1. BY Raj Kumar AswaniJagjit Singh Panesar
2. Objectives• Introduction to Legal Aspects of Business in India• Components of Legal System• Constitutional Provisions• Freedom of Trade, Profession and Occupation
3. Prologue to Legal Aspects of Business in India• Laws mirror the arrangement system of the Governmental structure of India.• Ensure that each organization is working according to this framework.• Every undertaking must consider this legitimate set up while encircling the essential points and destinations of its company.• Necessary for proficient and solid working of the association and helps it to think about the rights and obligations.
4. • The Companies Act, 1956• The Indian Contract Act, 1872• The Industries (Development and Regulation) Act, 1951• Trade Unions Act• The Competition Act, 2002• The Arbitration and Conciliation Act, 1996• The Foreign Exchange Management Act (FEMA), 1999• Intellectual property rights• Laws identifying with work welfare
5. Parts of Legal System• Legislature – Parliament frames the union lawmaking body and includes two houses: • Rajya Sabha – Council of States, and • Lok Sabha – House of the People• Executive – President – Vice-President – Council of Ministers – Ministers of State and Deputy Ministers – Cabinet Secretariat – Ministries of the Government
6. Segments of Legal System• Judiciary Supreme Court High Court MetropolitianDistrict Level City Level Court Company Law Board Tribunals
7. Sacred Provisions• Enacted by the Constituent Assembly on 26 November 1949, and happened on 26 January 1950.• Constitution has 22 Parts with 395 articles and 12 Schedules for a sum of 1,17,369 words.• Constitutional procurements are made for the nationals of India furthermore incorporates the major rights and obligations of the subjects of India.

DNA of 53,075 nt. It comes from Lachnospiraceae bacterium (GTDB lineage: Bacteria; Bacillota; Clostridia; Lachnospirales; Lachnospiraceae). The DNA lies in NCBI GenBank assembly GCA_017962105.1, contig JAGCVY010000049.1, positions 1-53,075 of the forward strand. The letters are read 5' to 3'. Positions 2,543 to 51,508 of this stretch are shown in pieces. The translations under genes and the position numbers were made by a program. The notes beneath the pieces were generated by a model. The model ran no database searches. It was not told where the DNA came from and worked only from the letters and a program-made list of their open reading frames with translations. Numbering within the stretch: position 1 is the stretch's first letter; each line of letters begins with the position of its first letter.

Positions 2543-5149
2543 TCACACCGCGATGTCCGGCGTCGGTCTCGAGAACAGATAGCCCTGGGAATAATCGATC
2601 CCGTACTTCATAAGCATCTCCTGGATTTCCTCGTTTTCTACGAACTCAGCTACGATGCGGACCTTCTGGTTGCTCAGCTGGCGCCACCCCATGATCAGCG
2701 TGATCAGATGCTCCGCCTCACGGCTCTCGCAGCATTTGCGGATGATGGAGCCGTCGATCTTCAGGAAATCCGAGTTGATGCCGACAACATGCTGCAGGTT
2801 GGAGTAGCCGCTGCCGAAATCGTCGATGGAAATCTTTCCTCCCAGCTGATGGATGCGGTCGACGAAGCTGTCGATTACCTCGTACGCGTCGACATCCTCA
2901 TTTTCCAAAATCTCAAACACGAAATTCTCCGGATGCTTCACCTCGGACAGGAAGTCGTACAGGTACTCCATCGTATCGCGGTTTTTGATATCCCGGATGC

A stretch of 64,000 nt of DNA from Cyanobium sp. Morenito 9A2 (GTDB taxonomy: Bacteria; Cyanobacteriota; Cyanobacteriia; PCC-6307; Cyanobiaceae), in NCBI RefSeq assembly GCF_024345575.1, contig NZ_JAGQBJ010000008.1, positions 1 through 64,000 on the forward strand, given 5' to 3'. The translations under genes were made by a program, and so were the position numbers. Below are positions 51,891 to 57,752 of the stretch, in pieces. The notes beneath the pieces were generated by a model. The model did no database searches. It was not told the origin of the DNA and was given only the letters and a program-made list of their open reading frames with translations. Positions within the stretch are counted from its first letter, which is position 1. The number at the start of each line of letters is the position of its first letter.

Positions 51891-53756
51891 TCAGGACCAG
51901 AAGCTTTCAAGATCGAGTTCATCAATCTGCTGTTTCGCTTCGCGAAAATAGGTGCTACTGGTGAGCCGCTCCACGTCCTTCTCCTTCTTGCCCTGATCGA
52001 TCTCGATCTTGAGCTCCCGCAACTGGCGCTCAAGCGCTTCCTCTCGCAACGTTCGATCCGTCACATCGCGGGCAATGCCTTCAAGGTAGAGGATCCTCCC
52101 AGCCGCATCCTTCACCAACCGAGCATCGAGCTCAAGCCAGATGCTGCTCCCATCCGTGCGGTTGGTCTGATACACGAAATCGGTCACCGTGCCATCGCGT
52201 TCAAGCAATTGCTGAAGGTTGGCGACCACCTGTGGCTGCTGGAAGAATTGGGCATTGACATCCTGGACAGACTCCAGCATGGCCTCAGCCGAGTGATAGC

8. Sacred Provisions• Part III – Fundamental Rights – Article 19• Part IV – Directive Principles and Fundamental Duties – Article 41• Part XII – Finance, Property, Contracts and Suits – Article 298• Part XIII – Trade and Commerce inside of the region of India – Article 301-307
9. Part III Fundamental Rights1. Right to freedom2. Right to equality3. Right to challenge against exploitation4. Right to religious freedom5. Right to training and culture6. Right to protected remedies7. Right to basic training
10. Article 19• Protection of specific rights in regards to the right to speak freely, etc• (1) All residents should have the privilege (a) to the right to speak freely and expression; (b) to amass quietly and without arms; (c) to frame affiliations or unions; (d) to move unreservedly all through the domain of India; (e) to dwell and settle in any piece of the region of India; and (f) to hone any calling, or to bear on any occupation, exchange or business
11. Article 19• 19(6) Nothing might influence the operation of any current law, or keep the State from making any law relating to,(i) the expert or specialized capabilities important for honing any calling or carrying on any occupation, exchange or business, or(ii) the carrying on by the State, or by an enterprise claimed or controlled by the State, of any exchange, business, industry or administration, whether to the avoidance, complete or incomplete, of residents or generally